(The White House notes that the reform bill's phase-out of dollar limits on health plans led to the waivers on mini-med plans to ease transition. It says medical loss ratios in the reform bill requiring health insurers to spend 80% to 85% of premiums on medical benefits and not administrative costs were not a factor behind the waivers, as had been reported. Those loss ratios are also a threat to mini-med plans, health analysts note).
Indeed, McDonald's and other companies had argued that this new requirement in the law was too onerous. HHS feared the companies might simply go ahead and drop health coverage altogether, or simply jack up premiums or cut benefits.
So, HHS opted to provide waivers as companies with mini-meds transition away from them by 2014, when the new law takes effect. Companies must apply annually to renew their waivers up until that time. This way, workers can still get their mini-med coverage in the interim, however meager they are, the government says.
Waivers depend on "a series of factors including whether or not a premium increase is large or if a significant number of enrollees would lose access to their current plan because the coverage would not be offered in the absence of a waiver,” says HHS.
But McDonald’s exemption opened the floodgates at the Department of Health and Human Services [HHS], which oversees the exemptions.
HHS started granting hundreds of these waivers so that workers with these low-cost plans wouldn't lose their insurance. The department also submarined the list of which companies and groups got the exemptions on its website, without issuing a press release.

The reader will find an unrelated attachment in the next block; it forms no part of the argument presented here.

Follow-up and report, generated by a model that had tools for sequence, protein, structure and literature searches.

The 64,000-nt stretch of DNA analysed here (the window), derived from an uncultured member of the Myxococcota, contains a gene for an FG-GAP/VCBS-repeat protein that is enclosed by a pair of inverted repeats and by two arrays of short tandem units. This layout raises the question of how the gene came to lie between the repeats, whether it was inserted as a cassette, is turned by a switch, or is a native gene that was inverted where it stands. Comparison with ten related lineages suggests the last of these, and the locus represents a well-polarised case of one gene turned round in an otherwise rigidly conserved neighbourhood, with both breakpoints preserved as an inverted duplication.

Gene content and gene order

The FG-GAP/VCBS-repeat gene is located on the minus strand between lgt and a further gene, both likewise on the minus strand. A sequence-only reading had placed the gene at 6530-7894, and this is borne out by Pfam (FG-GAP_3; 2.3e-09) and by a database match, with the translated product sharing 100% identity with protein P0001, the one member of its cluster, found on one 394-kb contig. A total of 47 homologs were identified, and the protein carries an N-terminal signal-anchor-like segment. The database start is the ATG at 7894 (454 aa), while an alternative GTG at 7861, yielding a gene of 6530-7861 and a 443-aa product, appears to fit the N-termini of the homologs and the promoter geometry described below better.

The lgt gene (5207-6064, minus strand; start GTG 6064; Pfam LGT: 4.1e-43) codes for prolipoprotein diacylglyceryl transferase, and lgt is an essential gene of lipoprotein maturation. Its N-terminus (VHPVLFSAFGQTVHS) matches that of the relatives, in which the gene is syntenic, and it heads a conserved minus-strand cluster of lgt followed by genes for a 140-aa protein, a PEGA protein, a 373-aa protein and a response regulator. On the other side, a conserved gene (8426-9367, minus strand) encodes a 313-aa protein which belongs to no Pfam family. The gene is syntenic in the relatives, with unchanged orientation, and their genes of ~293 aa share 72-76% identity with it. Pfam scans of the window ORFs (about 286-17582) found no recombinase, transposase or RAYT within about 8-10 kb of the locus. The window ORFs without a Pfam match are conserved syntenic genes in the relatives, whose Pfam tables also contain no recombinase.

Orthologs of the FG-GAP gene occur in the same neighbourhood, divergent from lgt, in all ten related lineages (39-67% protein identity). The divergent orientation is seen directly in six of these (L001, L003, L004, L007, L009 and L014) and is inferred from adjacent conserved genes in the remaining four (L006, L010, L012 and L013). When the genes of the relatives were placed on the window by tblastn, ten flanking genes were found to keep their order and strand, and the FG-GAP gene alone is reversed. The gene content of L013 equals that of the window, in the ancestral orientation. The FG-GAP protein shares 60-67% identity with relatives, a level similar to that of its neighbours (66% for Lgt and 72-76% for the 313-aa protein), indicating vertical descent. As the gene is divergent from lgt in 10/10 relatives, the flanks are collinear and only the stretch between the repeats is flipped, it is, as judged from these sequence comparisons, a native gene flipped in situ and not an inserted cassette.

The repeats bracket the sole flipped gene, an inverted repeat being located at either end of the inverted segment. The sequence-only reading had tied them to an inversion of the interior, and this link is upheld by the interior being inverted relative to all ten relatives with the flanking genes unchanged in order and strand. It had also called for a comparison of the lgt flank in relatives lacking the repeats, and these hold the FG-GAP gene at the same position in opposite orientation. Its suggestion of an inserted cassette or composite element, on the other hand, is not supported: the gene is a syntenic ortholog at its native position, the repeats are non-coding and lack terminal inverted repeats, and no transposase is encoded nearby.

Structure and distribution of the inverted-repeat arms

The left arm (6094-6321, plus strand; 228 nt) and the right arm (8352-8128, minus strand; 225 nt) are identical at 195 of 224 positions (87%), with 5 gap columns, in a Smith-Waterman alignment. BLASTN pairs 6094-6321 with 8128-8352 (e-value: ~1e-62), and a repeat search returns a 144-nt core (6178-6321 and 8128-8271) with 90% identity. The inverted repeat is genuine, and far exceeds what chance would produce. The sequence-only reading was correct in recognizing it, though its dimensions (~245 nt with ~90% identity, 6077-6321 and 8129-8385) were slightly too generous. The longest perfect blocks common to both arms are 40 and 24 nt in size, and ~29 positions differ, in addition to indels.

So now dozens of companies and organizations won't be forced, for now, to increase the minimum annual benefit payouts in their low-cost health plans. It’s arguable whether some of these companies could have afforded doing so without the exemptions, as many of these companies are profitable.
Here is a list of unions with more than 140,000 members now exempt from a provision in the health-reform law:
1. Bricklayers Local 1 of MD, VA and DC: 1,985 members
2. International Brotherhood of Trade Unions Health and Welfare Fund - Local 713: 861 members
3. Indiana Teamsters Health Benefits Fund, Local 1102: 500 workers
4. Amalgamated Welfare Fund: 1,384 members
5. Local 1102 Health & Benefit Fund: 4,642 members
6. Local 1102 Welfare Fund-- Lerner Employees: 245 members
7. Local 338 Affiliated Benefit Funds: 18,209 members
8. Operating Engineers Local 835 Health and Welfare Fund: 576 members
9. Texas Carpenters and Millwrights Health and Welfare Fund: 4,729 members
10. United Food and Commercial Workers Local 1445 New Hampshire: 148 members
11. Plumbers and Pipefitters Local No. 630 Welfare Fund: 1,166 members
12. United Food and Commercial Workers Union Local 1000: 3,855 members
13. 1199 SEIU Greater New York Benefit Fund: 4,544 members
14. Laundry and Dry Cleaning Workers Local No. 52: 1,547 members
15. Social Service Employees Union Local 371: 34,000 members
16. United Food and Commercial Workers Union (Mount Laurel, NJ): 4,100 members
17. United Food and Commercial Workers Union Local 1459: 1,400 members
18. United Food and Commercial Workers and Participating Employers Interstate Health and Welfare Fund: 9,780 members
19. Laborers' International Union of North America Local Union No. 616 Health and Welfare Plan: 188 members
20. Service Employees Benefit Fund: 1,297 members
21. UFCW Allied Trade Health & Welfare Trust: 68 members
22. United Food and Commercial Workers Union Local 1995: 2,779 members
23. Asbestos Workers Local 53 Welfare Fund: 2 members
24. Plumbers & Pipefitters Local 123 Welfare Fund: 534 members
25. UFCW Local 227: 1,125 members
26. UFCW Maximus Local 455: 59 members
27. Local 25 SEIU: 31,000 members
28. UFCW Local 1262: 5,390 members
29. Local 802 Musicians Health Fund: 1,801 members
30. Transport Workers: 107 members
31. Service Employees International Union Local 1 Cleveland Welfare Fund: 520 members
32. Teamsters Local 522 Welfare Fund Roofers Division: 270 members
33. Cleveland Bakers Teamsters: 1,000 members
34. DC Cement Masons Welfare Fund: 225 members